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IRELAND
LINKS IN THIS SECTION
SCOPE OF INCOME TAX
CORPORATION TAX RATES
CALCULATION OF CORPORATION TAX BASE
STAMP DUTY
WITHHOLDING TAX
RELATED INFORMATION

Direct Corporate Taxation

 

In Ireland the main tax impinging on companies is corporation tax, which applies both to trading income and to capital gains. As a member state of the EU, Ireland applies the VAT directives; currently the rate of VAT is 21% (reduced from 21.5% on Janaury 1, 2010). Stamp duties apply to some transactions. The Department of Finance, headed by the Minister for Finance has responsibility for the taxation system; day-to-day administration of the tax system is in the hands of the Revenue Commissioners, a division of the Ministry.

The Irish Revenue Commission has consulted with tax practitioners, industry representative bodies, software providers and taxpayers over proposals to introduce mandatory e-filing for certain categories of taxpayer.

The mandatory e-filing regulations were first launched in 2008 following a public consultation process, and introduced requirements that Government Departments and Offices, State Bodies and Ireland’s largest companies should file and pay certain taxes and tax liabilities electronically.

The Revenue decided to introduce these obligations in three phases. Government Departments, certain named Government Offices and companies whose tax affairs are dealt with by Large Cases Division came within Phase 1, with effect from January 1, 2009.

The Revenue’s intention for Phase 2 came into effect on January 1, 2010 and includes larger companies with a turnover of more than EUR7.3m and with more than 50 employees. Phase 2 also includes all public bodies.

Phase 3 includes all categories of taxpayers to pay and file returns electronically from 1 June 2011; This includes all trusts, partnerships and companies as well as the self-employed. In addition, from June 1, 2011 all stamp duty returns and payments must be made electronically.

A 'Jobs Initiaitive' announced by the government in May 2011 will introduce a temporary second, reduced 9% rate of VAT on the provision of certain goods and services, a move largely targeted at stimulating the lagging tourism industry. The 9% rate will be available to restaurant and catering services, hotel and holiday accommodation, certain entertainment services, hairdressing, brochures, maps, programmes and newspapers. It will be in force from July 1, 2011 until December 31, 2013, on which date the rate will revert to 13.5%.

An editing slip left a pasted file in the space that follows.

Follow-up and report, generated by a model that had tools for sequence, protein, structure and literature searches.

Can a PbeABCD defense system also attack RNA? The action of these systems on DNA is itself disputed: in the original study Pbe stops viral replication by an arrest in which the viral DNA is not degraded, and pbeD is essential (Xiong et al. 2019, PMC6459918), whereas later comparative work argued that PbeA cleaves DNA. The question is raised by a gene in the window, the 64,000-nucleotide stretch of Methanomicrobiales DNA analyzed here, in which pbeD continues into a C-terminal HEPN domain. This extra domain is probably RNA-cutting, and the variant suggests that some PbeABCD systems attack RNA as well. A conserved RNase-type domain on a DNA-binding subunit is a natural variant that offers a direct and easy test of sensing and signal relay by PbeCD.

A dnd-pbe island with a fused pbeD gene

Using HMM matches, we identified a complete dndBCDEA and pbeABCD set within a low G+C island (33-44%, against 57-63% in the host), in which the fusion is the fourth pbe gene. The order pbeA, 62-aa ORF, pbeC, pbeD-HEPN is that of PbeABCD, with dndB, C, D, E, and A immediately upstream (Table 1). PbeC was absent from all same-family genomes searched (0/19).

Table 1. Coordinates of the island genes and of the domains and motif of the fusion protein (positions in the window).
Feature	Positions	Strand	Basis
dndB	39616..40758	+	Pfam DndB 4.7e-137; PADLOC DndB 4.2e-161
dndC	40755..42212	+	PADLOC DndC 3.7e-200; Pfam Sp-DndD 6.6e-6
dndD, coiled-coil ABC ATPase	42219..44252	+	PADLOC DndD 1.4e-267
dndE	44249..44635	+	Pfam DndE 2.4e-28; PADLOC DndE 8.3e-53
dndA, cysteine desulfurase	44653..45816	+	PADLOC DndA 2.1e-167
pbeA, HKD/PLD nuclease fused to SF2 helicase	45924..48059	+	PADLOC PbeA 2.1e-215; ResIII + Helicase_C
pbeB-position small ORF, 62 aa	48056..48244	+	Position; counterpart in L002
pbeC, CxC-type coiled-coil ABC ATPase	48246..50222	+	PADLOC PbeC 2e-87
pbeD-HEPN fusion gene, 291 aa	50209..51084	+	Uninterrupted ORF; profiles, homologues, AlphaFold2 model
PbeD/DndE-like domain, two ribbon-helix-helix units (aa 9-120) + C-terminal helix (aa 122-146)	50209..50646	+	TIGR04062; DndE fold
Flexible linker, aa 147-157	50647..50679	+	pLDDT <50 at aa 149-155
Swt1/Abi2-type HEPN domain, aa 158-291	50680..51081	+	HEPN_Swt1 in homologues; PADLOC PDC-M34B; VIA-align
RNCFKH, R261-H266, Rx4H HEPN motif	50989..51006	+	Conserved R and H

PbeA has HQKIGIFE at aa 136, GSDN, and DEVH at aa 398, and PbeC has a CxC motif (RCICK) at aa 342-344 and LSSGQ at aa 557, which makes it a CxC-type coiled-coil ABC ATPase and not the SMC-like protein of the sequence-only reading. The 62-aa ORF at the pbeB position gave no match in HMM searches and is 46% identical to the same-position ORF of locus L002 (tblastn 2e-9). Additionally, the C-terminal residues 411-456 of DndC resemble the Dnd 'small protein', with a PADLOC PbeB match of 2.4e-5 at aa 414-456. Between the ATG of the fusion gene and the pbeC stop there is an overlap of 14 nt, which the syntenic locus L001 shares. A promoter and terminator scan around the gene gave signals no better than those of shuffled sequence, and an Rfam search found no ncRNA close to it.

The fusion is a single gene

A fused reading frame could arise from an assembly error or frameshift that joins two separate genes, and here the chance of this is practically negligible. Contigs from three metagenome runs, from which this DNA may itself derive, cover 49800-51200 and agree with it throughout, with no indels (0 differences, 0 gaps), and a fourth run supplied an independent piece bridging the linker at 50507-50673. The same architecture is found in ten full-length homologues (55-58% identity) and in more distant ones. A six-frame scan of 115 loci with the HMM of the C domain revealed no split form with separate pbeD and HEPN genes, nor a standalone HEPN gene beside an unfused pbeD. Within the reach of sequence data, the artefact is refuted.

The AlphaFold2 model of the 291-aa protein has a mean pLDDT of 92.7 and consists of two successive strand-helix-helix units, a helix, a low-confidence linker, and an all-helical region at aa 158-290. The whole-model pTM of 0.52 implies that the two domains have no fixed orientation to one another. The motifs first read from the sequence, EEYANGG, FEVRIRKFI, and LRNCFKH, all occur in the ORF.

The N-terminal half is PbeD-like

Ireland Scope of Corporation Tax

Corporation tax is levied under the Taxes Consolidation Act 1997. Resident companies pay corporation tax on their worldwide income; non-resident companies carrying on business in Ireland are liable to corporation tax on their Irish-sourced income only. Equivalent rules apply to capital gains; however there are roll-over exemptions available for capital gains.

For a number of years, residence has been determined primarily according to a 'management and control' test, with some subsidiary tests such as the location of actual trading, location of bank accounts, location of head office, etc. Until 1999 there was no statutory definition of 'residence', and it has been possible to maintain non-residence for an Irish company despite a substantial level of activity in Ireland.

As part of a general response to the EU's initiative against 'harmful tax competition', Ireland installed or announced new tax regimes during 1999, agreed with the EU, which continued the existing favourable tax regime in many respects, but which brought some parts of the tax system much more closely into line with general EU practice.